A topic that has come up again and again in Sinophile discussions is the question of whether China is an exceptional case (note: Americans also like to see themselves as exceptional, exempt from international norms), or whether the Chinese people also ascribe to "universal values". There are important questions to ask: Are "universal values" as established in such documents as the UN Declaration of Human Rights truly universal--or merely Western? Do these universal values gel with the values that Chinese civilization aspires to? If human vices are--seemingly--universal, shouldn't human aspirations be as well?
For those who would like a wall of text that I did not produce, now turn to the China Media Project (run out of Hong Kong University), which has provided a truly beautiful comparison of two views, both from authentic mainland Chinese, on this subject:
The first, clearly, is the view which the Chinese government wants promoted: that the China Model is exceptional due to China's exceptional circumstances as a continuous civilization-state; this view is that Chinese exceptionalism (also known as "_______ with Chinese Characteristics") can explain away all of the China's policy differences and frictions with the developed democratic countries of the world.
The government makes its arguments well. They should do: they've got numerous academics in numerous government think tanks whose full-time job is to come up with fig leaves for controversial government policies and practices. Their strongest point is that economic rights are human rights, too. China has indeed made a U-turn on economic rights, so I can understand why they wish to focus on the importance of Deng Xiaoping's policy reversal which has raised millions of Chinese citizens from utter poverty. I wonder, however, if the government understands that their greatest contribution to this has been their inaction (the Chinese philosophy of "wuwei", action of inaction), allowing private enterprise to bloom, rather than their actions--continuing support for numerous government monopolies in the form of easy loans from state banks, preferential policy, and preferential policing--which so often have the effect of squelching private innovation and enterprise.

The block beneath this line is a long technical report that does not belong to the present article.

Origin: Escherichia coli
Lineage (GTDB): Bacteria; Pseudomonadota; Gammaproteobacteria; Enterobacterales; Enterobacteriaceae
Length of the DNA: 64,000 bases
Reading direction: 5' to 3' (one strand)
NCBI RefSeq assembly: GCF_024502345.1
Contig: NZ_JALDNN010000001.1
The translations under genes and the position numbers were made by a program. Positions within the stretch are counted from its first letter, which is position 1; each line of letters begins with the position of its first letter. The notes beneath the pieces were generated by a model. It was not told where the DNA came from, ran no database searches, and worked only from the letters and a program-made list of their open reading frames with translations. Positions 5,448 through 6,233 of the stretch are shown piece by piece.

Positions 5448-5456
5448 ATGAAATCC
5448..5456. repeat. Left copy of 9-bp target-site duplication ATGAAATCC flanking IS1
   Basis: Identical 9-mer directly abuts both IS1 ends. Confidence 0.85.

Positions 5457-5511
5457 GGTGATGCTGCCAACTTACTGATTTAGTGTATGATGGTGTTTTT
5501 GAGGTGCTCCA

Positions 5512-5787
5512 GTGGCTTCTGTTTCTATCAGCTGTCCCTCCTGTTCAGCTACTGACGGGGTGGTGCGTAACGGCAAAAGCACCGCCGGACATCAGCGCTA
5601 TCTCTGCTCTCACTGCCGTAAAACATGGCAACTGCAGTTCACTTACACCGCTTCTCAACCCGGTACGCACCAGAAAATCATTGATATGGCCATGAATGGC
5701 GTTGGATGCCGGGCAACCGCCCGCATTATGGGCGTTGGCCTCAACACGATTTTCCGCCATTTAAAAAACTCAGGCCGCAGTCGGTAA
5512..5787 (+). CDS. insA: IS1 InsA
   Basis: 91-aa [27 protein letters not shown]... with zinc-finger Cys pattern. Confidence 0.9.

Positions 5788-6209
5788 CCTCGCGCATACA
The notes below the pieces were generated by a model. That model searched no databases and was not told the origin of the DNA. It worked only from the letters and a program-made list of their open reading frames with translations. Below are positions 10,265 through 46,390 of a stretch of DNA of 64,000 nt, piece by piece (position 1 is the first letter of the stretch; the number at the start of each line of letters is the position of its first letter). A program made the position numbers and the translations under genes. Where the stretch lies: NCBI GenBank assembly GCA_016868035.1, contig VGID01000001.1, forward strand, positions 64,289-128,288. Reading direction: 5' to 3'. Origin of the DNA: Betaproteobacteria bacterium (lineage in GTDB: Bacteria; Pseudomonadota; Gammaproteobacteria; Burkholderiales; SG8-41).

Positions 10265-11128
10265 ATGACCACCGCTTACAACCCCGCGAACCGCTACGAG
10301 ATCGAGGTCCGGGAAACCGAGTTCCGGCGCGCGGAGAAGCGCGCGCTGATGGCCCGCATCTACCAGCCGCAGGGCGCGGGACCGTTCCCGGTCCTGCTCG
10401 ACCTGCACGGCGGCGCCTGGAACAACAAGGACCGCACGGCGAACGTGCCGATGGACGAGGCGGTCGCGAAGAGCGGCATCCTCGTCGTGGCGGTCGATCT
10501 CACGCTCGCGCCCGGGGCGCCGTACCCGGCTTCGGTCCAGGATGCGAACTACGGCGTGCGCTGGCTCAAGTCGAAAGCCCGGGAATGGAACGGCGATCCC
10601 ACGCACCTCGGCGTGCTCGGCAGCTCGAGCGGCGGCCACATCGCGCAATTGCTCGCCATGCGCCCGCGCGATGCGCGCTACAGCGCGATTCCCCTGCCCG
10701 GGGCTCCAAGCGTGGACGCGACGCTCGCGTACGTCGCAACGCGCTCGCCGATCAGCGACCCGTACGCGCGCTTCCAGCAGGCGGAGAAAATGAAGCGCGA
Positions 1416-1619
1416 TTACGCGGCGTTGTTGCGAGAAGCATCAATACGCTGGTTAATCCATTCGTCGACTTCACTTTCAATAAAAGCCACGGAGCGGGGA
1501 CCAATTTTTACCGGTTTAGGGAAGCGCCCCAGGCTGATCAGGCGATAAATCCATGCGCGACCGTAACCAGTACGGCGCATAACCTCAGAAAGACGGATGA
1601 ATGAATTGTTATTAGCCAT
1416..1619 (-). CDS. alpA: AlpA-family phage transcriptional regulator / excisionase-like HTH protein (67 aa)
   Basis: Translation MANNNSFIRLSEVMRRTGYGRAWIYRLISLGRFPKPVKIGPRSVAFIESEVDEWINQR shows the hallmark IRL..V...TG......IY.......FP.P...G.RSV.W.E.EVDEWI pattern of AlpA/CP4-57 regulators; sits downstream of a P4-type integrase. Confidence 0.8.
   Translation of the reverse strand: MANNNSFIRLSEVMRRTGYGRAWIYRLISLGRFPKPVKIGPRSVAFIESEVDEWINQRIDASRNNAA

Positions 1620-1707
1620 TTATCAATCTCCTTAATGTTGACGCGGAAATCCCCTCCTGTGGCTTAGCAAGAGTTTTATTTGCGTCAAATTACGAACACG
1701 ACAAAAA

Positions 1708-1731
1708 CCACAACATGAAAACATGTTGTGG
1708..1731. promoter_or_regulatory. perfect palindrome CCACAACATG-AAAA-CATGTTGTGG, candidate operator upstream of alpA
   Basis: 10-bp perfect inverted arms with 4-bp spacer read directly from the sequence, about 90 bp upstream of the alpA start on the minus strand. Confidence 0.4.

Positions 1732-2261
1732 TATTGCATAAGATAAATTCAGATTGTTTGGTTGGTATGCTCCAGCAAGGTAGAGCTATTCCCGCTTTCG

The greatest error the authoritarian apologists have made in this project is in trying to suggest that this is simply a tug of war between "The West" and the rest (or maybe just that exceptional case, China). Are there not Chinese who ascribe to different points of view from those sanctioned/funded by their government? My own five year stint in China suggest that there are many:
Many who do not accept zealous state paternalism (much less authoritarianism) as an essential "Chinese characteristic"; many who do not accept a shackled and uniformly state-sponsored press as an essential "Chinese characteristic"; many who do not agree that a one-party government without checks and balances on its powers or accountability for its responsibilities is an essential "Chinese characteristic". It may be very hard to argue about what Chinese exceptionalism even means when the Chinese people as a whole have not been able to engage in a national conversation about which Chinese characteristics are essential to preserve as well as which Chinese characteristics are actually Chinese characteristics rather than common characteristics of most pre-industrial, pre-literate, pre-modern states.
Let me end with this: it is not a bad thing to discuss our assumptions about what constitutes "universal values". We must value the input of voices from developing countries which may be skeptical. Can the conversation have truly begun, however, when the greater diversity of views from countries like China has been suppressed? The powerful, of course, prefer to hide behind the excuse of exceptional national characteristics and circumstances whenever they have done ill--and that applies equally to how America and China have each used their "exceptionalism".